• 7. Cost by firm size ̈ Blatter, Marc et al. 2009. The Costs of Hiring Skilled Workers. Working Paper No. 15. Bern, Switzerland: Institut fur Strategie und Unternehmensökonomik.
    • 8. Time To HireImpacts Business Results2 Formulas TF = RR – OD Time to acceptance TS = RR – SD Time to start  TF = Time until offer acceptance  TS = Time until new hire starts work  RR = Date requisition received  OD = Date offer accepted  SD = Date new hire starts
    • 9. Cost to InterviewImpacts Business ResultsFormulaEstimated Cost to Interview = C*($M*Mhr) + ($R*Rhr)+$Trav C= total number of candidates interviewed $M = mean manager salary per hour Mhr = mean number of hours manager spends on interview-related activity per hire $R = mean recruiter salary per hour Rhr = mean number of hours recruiter spends on interview-related activity per hire $Trav - expenses per candidate: total travel, meals, hotelNote: if multiple employees are involved in interviewing, Mhr or Rhr in the formula should reflect the total number of hours all managers or employees spent on interview related activity.
    • 10. Turnover RateImpacts Business ResultsFormula Turnover or Retention = (NSFY / AEFY) * 100 NSFY = Number of separations during the fiscal year AEFY = Average number of employees during the fiscal year(Measure company-wide, by department, and by manager )
    • 11. Productive WorkforceImpacts Business ResultsFormula PW = HC – (%pNH)  PW = Productive Workforce  HC = Head Count  %pNH = New Hire Productivity Estimate
    • 12. Human Capital Metrics Drive Business Results
    • 16. Hiring is hard…
    • 17. Better (and Faster) Hiring in 3 StepsClarify requirements and needs of the jobBe clear on what the job is and is not(don’t use a moving target or “figure it out later” approach)A Job Description is useful!Analyze top performersUse objective criteria firstReduce reliance on the resume - self-reported, subjectiveUnderstand limitations of resumes and interviewsLook for “natural” talents and abilities; skills can be taughtStructure interviewBehavioral questions – example of when candidate did XTake notes, rate responses on a scaleBonusHelp managers plan the entire talent decision processSchedule interview time at the beginning of the processUse human capital metrics to improve results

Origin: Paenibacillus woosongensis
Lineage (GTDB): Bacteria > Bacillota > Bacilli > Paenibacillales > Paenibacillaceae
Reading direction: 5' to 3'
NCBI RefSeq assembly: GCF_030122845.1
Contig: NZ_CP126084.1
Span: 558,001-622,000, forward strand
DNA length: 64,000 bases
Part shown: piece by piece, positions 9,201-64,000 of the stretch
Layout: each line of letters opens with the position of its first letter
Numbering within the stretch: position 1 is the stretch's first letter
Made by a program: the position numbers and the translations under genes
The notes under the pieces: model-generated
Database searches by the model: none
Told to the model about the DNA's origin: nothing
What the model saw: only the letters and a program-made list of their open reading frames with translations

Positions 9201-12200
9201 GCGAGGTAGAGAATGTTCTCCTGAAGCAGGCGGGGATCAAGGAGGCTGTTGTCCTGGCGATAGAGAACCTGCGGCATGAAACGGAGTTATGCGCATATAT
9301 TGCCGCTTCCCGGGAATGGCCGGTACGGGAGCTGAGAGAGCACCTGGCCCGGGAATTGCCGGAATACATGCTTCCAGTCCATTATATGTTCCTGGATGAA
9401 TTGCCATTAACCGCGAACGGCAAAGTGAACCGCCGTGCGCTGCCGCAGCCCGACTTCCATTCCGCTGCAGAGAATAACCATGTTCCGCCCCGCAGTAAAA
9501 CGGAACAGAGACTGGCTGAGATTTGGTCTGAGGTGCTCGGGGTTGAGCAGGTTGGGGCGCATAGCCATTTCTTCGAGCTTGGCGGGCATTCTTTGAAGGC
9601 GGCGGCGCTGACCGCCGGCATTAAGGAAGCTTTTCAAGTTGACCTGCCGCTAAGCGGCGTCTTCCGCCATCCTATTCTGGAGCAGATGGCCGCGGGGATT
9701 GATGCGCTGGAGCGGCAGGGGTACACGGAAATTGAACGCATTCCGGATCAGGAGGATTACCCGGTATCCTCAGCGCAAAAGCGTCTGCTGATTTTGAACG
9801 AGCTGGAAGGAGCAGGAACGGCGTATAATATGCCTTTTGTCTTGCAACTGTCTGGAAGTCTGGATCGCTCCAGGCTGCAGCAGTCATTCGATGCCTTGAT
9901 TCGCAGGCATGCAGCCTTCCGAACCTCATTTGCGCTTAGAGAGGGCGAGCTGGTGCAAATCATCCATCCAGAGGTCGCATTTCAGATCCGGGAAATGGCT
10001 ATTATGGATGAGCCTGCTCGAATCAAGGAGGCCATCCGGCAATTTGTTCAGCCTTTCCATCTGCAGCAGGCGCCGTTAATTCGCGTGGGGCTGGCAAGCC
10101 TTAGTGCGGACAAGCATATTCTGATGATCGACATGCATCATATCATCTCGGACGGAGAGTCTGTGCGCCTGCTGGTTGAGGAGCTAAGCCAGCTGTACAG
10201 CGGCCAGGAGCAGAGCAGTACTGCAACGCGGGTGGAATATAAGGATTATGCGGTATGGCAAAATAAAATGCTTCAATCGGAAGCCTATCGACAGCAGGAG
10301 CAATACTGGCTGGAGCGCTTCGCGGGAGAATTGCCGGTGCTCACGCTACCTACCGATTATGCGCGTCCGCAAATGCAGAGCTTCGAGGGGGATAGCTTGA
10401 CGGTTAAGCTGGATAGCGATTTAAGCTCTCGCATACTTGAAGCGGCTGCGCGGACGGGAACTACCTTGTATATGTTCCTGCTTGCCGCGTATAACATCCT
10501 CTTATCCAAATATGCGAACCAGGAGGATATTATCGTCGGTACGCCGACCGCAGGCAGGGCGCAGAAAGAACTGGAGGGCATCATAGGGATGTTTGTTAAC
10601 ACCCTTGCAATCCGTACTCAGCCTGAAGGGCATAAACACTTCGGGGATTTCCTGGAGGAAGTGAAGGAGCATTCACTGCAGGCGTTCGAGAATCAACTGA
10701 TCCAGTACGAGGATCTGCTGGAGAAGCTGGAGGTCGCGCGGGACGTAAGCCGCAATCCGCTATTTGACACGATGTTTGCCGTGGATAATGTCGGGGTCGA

• 18. Better Hiring ImpactsBusiness Results 50% 50% 10% 10%
    • 19. More from Affintus onImproving Business ResultsDec 11 The Limits of Experience and Education: learn why skipping the resume results in better hiring Early in their careers, most executives and managers learn that prior work experience and educational background are key factors in job success. But it turns out that it is not true! Neither experience nor education is related to future success on the job! In this session you will find out what factors you should look for in potential employees.Jan 8 The Value of Behavioral Interviews: learn how to interview to find out what you really need know as fast as possible You have probably read a lot about interviewing and how important it is to “get to know” the candidate face-to-face. The problem is that most interviews turn out to be a conversation rather than active fact-gathering. In this session, learn how to create the questions that really tell you what you need to know to make a good decision.
    • 20. AffintusGreat people data. Great business | Paula A. Soileau, CPA | 1-866-429-4351 @affintus Visit Our Blog! ©2012 Affintus, LLC